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Amidst the orgy of one-year-on reminiscing in September, I missed Kirsten Grind’s 4,000-word story on the failure of WaMu, which is well worth reading.

She gives a great impression, for instance, of what a bank runs look like, circa 2008:

A longtime customer in Orange County brought a cake to her branch that spelled out in frosting, “We love you WaMu,” and then closed her account. Another customer at a branch in Southern California withdrew all her money and then, feeling guilty, returned the next day with a freshly baked peach cobbler for the branch’s staff, according to a former WaMu manager. Her money, however, stayed away.

Each day, Brinks Security trucks pulled up to replenish WaMu ATMs across the country. Before the crisis, the trucks delivered about $30 million in cash a day nationwide, Freilinger said. During the September bank run, they delivered as much as $250 million a day.

The general impression from Grind’s article is that WaMu was certainly going bust: It had been downgraded to junk by Moody’s, and was about to appear on the FDIC’s problem-banks list, where its size would mean it had no anonymity. It was in the midst of a second bank run when it got taken over; further runs were all but certain.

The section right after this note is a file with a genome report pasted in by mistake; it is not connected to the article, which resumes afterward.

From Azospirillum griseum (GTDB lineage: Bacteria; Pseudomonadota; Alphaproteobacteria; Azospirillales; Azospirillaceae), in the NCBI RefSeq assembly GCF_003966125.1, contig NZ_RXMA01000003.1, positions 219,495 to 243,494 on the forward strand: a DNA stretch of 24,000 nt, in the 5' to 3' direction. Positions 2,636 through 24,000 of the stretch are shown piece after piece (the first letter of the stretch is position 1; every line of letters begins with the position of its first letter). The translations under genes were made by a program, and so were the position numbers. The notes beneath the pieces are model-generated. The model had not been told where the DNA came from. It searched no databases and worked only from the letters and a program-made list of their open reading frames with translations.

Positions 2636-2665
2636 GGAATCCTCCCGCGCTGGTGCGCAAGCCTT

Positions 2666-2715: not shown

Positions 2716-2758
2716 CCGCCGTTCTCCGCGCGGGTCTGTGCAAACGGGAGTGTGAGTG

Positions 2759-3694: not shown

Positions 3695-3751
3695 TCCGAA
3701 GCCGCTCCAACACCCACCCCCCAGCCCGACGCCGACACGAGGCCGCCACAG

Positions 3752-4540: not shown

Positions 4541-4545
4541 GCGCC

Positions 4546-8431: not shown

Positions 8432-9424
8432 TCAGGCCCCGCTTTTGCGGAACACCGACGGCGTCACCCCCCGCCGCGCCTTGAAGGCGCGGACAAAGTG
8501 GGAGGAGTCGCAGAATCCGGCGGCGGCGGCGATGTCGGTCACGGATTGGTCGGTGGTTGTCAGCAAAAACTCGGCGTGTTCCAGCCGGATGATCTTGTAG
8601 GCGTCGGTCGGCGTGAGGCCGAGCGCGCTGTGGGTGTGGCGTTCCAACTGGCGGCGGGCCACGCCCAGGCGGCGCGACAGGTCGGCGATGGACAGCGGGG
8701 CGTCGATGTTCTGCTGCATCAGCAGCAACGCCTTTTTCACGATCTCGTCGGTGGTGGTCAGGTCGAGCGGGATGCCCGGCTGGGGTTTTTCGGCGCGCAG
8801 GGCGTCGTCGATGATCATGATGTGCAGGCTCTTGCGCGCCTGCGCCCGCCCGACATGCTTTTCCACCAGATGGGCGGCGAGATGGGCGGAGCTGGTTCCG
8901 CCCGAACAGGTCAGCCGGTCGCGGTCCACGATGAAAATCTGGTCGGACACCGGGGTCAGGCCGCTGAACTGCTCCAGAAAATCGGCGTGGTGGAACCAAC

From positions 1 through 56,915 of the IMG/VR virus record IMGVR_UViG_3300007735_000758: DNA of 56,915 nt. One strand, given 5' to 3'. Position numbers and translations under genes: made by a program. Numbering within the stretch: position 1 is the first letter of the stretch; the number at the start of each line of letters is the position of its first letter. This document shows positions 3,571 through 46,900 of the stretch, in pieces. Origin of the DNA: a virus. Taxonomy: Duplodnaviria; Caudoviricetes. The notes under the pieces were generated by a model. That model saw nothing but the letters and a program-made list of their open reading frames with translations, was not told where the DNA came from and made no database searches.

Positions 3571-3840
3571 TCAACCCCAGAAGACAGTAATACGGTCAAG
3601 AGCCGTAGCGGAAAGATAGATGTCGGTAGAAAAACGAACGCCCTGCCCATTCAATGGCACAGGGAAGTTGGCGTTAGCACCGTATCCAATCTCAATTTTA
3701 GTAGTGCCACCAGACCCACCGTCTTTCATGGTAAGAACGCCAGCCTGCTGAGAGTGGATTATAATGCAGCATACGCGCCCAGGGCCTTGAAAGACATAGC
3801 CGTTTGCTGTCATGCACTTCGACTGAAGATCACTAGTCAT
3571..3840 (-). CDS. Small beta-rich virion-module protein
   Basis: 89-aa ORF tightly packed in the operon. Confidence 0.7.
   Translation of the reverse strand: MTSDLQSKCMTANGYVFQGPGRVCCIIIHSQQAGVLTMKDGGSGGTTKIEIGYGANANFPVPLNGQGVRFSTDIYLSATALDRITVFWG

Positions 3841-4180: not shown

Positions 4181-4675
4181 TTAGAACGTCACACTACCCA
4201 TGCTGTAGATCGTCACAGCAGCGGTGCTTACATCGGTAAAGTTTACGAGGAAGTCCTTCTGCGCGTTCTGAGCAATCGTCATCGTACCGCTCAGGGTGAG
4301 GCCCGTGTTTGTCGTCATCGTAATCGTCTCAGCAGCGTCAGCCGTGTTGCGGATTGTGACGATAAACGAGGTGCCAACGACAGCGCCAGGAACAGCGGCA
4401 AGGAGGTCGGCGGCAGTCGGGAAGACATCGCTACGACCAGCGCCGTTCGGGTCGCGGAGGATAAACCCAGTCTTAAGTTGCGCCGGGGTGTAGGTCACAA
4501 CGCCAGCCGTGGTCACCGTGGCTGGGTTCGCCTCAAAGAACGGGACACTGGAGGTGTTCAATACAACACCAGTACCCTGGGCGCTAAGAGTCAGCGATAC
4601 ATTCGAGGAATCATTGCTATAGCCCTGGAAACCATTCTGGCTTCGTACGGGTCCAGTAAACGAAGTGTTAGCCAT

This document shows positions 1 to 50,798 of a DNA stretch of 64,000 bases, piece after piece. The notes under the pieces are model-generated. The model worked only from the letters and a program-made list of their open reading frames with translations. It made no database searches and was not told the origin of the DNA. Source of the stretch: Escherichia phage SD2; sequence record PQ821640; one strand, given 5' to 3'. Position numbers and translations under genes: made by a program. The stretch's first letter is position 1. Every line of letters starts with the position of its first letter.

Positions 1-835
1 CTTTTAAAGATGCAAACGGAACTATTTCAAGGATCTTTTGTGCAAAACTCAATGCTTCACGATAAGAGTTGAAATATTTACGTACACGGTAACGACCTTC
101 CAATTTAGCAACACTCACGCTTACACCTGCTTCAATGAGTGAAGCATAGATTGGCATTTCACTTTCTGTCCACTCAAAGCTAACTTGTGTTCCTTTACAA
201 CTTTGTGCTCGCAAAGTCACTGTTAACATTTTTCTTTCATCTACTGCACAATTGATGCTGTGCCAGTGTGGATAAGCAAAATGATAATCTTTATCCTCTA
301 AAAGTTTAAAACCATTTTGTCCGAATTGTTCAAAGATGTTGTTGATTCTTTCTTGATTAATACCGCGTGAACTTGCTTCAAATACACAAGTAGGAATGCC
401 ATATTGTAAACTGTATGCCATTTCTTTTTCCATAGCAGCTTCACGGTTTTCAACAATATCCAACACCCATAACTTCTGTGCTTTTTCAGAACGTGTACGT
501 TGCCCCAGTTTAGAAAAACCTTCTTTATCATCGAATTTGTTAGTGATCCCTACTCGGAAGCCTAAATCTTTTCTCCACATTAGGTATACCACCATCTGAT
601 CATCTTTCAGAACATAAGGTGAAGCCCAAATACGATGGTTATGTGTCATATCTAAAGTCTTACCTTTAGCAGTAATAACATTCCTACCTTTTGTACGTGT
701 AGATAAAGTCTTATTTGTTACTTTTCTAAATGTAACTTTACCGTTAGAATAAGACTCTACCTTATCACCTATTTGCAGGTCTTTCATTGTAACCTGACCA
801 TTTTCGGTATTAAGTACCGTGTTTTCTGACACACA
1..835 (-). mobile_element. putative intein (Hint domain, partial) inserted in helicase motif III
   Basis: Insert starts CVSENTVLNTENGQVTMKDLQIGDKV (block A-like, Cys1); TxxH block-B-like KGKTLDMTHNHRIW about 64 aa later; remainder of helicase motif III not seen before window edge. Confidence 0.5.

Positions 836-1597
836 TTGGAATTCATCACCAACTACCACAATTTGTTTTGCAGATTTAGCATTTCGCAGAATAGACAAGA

The big question, though, is whether the FDIC gave a nod and a wink to potential acquirers that they would be able to buy WaMu in a distressed sale from the FDIC, rather than having to take on all its liabilities by buying it from shareholders.

Grind doesn’t go into the details of capital structure, though, and I wonder: absent FDIC intervention, is there any way for a bank’s bondholders to take control of the company, wiping out the shareholders? My guess is there probably isn’t, and that such an outcome won’t even be possible in the brave new world of living wills and ex ante resolution regimes. But I’m sure all those bondholders — who got all but wiped out themselves — wish that there had been.

Source: How WaMu Failed